But in fact Christ has been raised from the dead, the first fruits of those who have died. For since death came through a human being, the resurrection of the dead has also come through a human being; for just as everyone dies in Adam, in the same way everyone will be made alive in Christ (1 Cor. 15:20-22 NRSV, slightly modified).

Jesus’ resurrection was unexpectedly ahead of time, according to Paul, but truth nonetheless, and a foretaste of the harvest to come. And Jesus’ resurrection marked the beginning of the end of the story of humanity that started with Adam and Eve. Adam brought death into the world—Jesus, the new Adam, brings life.

Christ is risen; he is risen indeed. Happy Easter, everyone.

Triumphal entries

For the past few months (though part of a longer pattern), various Israeli settlers and right wing politicians have been entering the Haram al-Sharif (the area formerly known as the Temple Mount), exploring and praying under police protection. These visits have the explicit aim of recovering the site for Jews to rebuild the temple. Unsurprisingly, the presence of the settlers and politicians has sparked demonstrations and protests from worshipers at Al Aqsa Mosque.

It’s Palm Sunday today, the day the Church celebrates another incursion of sorts, another challenge of sacred space—the same sacred space, in fact. Palestinians today refer to Jerusalem as “Occupied Jerusalem.” In Jesus’ day, Jerusalem was also an occupied city. There would have been Roman soldiers everywhere, and in fact more than usual because of Passover; much like today, when Jerusalem is crawling with soldiers and police, security in those days was increased during festivals in response to the crowds of pilgrims. Although the First Jewish Revolt did not break out until 66 CE, tensions were simmering all through the first century. The concentration of people in Jerusalem during festivals also concentrated the political upheaval.

The stories of the triumphal entry in the Gospels reflect the political and religious tension of the Roman occupation and Jewish nationalism. Jesus chose to ride into Jerusalem on a donkey, a royal mode of transportation in Gen. 49:10-12 and 1 Kings 1:38-40. Matthew makes sure we get this point by quoting Zech. 9:9; if you read that particular text in its context, you find it’s about a warrior king defeating Jerusalem’s enemies, bringing peace, and ruling the nations. The kingly imagery is also part of the people spreading their cloaks and palm branches on the road—this was also done for Jehu in 2 Kings 9:13, and it also happened during a Hasmonean celebration of the expulsion of foreigners from Jerusalem (held in the temple itself – 1 Macc. 13:51).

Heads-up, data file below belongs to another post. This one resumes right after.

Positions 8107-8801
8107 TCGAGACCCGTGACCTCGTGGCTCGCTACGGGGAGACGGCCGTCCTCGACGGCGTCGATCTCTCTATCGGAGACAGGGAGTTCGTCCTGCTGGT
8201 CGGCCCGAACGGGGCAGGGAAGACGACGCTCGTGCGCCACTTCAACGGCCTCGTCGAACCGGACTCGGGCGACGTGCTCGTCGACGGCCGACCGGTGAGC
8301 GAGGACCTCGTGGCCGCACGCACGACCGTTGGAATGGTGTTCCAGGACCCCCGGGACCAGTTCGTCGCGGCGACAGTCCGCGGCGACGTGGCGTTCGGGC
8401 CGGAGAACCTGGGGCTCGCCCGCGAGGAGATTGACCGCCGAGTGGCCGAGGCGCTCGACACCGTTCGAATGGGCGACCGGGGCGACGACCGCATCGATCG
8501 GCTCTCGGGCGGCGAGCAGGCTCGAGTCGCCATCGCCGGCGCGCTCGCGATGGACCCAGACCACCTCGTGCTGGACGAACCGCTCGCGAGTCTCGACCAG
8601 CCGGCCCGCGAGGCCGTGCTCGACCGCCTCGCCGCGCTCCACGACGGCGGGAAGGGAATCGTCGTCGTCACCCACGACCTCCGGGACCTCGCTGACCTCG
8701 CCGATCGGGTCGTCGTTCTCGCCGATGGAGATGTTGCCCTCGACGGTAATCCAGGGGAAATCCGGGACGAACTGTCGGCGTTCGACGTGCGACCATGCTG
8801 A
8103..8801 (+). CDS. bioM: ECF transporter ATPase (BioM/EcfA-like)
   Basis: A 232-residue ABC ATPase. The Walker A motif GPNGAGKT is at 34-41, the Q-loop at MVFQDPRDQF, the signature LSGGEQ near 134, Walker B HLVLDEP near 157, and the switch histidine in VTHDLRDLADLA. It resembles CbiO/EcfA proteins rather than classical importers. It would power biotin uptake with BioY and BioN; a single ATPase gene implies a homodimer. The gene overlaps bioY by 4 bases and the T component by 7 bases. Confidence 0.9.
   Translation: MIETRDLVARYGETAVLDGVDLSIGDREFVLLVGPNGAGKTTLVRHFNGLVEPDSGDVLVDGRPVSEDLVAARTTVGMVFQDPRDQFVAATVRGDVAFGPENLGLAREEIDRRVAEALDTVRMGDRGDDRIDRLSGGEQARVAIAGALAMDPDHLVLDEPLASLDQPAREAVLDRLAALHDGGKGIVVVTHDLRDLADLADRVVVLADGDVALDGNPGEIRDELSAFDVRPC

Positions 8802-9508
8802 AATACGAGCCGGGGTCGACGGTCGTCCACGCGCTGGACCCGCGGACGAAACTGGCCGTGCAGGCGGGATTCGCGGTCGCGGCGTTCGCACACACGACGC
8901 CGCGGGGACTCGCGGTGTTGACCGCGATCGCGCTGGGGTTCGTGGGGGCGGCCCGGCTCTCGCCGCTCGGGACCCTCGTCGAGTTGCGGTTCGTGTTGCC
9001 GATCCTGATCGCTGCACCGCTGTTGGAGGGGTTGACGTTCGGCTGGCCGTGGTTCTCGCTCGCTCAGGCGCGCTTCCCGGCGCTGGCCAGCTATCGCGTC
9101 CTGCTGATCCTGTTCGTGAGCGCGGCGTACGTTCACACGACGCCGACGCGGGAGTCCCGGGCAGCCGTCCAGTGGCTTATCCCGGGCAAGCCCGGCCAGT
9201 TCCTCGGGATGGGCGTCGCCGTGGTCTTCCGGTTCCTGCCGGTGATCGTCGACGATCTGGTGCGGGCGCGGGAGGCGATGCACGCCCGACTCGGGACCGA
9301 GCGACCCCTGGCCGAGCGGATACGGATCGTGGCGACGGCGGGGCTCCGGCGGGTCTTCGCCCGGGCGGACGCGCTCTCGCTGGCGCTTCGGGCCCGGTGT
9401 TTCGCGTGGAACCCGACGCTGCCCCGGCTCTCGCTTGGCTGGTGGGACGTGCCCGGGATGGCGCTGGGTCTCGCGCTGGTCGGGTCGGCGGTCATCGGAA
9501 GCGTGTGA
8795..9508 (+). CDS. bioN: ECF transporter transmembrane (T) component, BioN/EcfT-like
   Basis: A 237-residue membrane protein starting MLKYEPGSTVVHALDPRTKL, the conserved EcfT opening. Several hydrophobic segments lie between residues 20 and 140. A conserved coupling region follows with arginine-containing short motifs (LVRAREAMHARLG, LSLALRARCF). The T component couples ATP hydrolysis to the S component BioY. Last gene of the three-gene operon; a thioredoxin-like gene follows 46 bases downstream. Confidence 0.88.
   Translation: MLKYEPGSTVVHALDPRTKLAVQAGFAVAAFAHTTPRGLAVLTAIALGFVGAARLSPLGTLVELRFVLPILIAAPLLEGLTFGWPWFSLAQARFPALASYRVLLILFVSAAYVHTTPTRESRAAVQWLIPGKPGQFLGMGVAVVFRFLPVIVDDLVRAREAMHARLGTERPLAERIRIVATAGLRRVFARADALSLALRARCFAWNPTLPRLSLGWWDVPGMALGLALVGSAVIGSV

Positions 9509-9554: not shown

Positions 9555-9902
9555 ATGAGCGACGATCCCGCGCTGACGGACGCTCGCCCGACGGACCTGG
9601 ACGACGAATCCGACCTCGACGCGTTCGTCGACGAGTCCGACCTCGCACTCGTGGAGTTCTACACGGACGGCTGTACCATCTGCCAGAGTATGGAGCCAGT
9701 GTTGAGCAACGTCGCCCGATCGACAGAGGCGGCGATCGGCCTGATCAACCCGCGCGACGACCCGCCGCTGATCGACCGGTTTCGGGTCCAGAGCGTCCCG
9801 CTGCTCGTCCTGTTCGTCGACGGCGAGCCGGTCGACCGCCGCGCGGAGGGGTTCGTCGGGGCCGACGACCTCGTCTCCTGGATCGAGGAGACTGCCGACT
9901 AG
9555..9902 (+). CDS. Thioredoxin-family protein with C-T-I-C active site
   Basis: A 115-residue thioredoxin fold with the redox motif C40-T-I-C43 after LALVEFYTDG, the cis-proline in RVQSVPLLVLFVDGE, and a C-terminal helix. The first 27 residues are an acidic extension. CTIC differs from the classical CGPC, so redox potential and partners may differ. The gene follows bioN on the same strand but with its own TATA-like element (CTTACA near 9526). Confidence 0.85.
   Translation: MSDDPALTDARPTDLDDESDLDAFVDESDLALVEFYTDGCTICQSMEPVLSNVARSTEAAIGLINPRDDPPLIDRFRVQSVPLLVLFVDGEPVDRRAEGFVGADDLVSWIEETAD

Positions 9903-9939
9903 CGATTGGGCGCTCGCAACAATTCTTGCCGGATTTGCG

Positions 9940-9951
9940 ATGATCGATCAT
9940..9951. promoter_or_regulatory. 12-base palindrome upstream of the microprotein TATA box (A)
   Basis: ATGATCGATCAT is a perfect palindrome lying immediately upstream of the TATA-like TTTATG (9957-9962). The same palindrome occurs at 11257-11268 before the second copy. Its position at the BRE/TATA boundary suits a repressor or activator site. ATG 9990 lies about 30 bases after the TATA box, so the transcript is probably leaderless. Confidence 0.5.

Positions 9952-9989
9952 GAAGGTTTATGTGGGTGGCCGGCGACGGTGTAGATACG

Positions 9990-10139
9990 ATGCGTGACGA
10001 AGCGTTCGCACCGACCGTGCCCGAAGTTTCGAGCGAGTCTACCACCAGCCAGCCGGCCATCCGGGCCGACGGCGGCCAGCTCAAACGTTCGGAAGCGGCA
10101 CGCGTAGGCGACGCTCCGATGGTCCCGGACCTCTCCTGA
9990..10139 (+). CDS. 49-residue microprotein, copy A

Jesus, in other words, enters Jerusalem as a conquering king, a symbol of political revolution. And the crowds understand what he’s doing: “Hosanna! Blessed is the one who comes in the name of the Lord! Blessed is the coming kingdom of our ancestor David! Hosanna in the highest heaven!” (Mark 11:9-10 NRSV). No wonder the Jewish authorities object (Matt. 21:15-16). This is precisely the sort of thing to which the Romans would respond with violence.

The political tensions remain central throughout the events of Holy Week. The challenges posed to Jesus by the priests, scribes, elders, Pharisees, Herodians, and Sadducees show that they understand Jesus as a political revolutionary. The disciples themselves agree—John and James ask for prime seats of power in Jesus’ government (Mark 10:35-37), and the disciples have swords with them in Gethsemane (Mark 14:47; cf. Luke 22:38). In part, the disciples’ distress after the crucifixion lies in the apparent failure of their hope for the restoration of the political kingdom, something they continue to expect after the resurrection (Luke 24:19-21, Acts 1:6). They think the whole Jesus thing has been about Israel’s independence from Roman rule.

Jesus’ own actions and words, ‘cleansing’ the temple, cursing the fig tree, the parable of the wicked tenants, and foretelling the apocalyptic disruption and destruction of Jerusalem, suggest something else is going on. In Mark’s gospel (my favorite), Jesus has been trying to redirect the expectations of his disciples, the crowds, and the authorities for several chapters by the time we get to Jerusalem. This redirection defines another “way” (ὁδός, hodos, which is sometimes translated as ‘road’ or ‘path’):

  • In Mark 8:27, Jesus asks his disciples along the “way” to Caesarea Philippi who they think he is. Peter says he’s the messiah—by which he would mean the king who would restore Israel. Jesus immediately tells them that his way of kingship is suffering (verse 31), and their way of following him will also be the way of suffering (verses 34-35).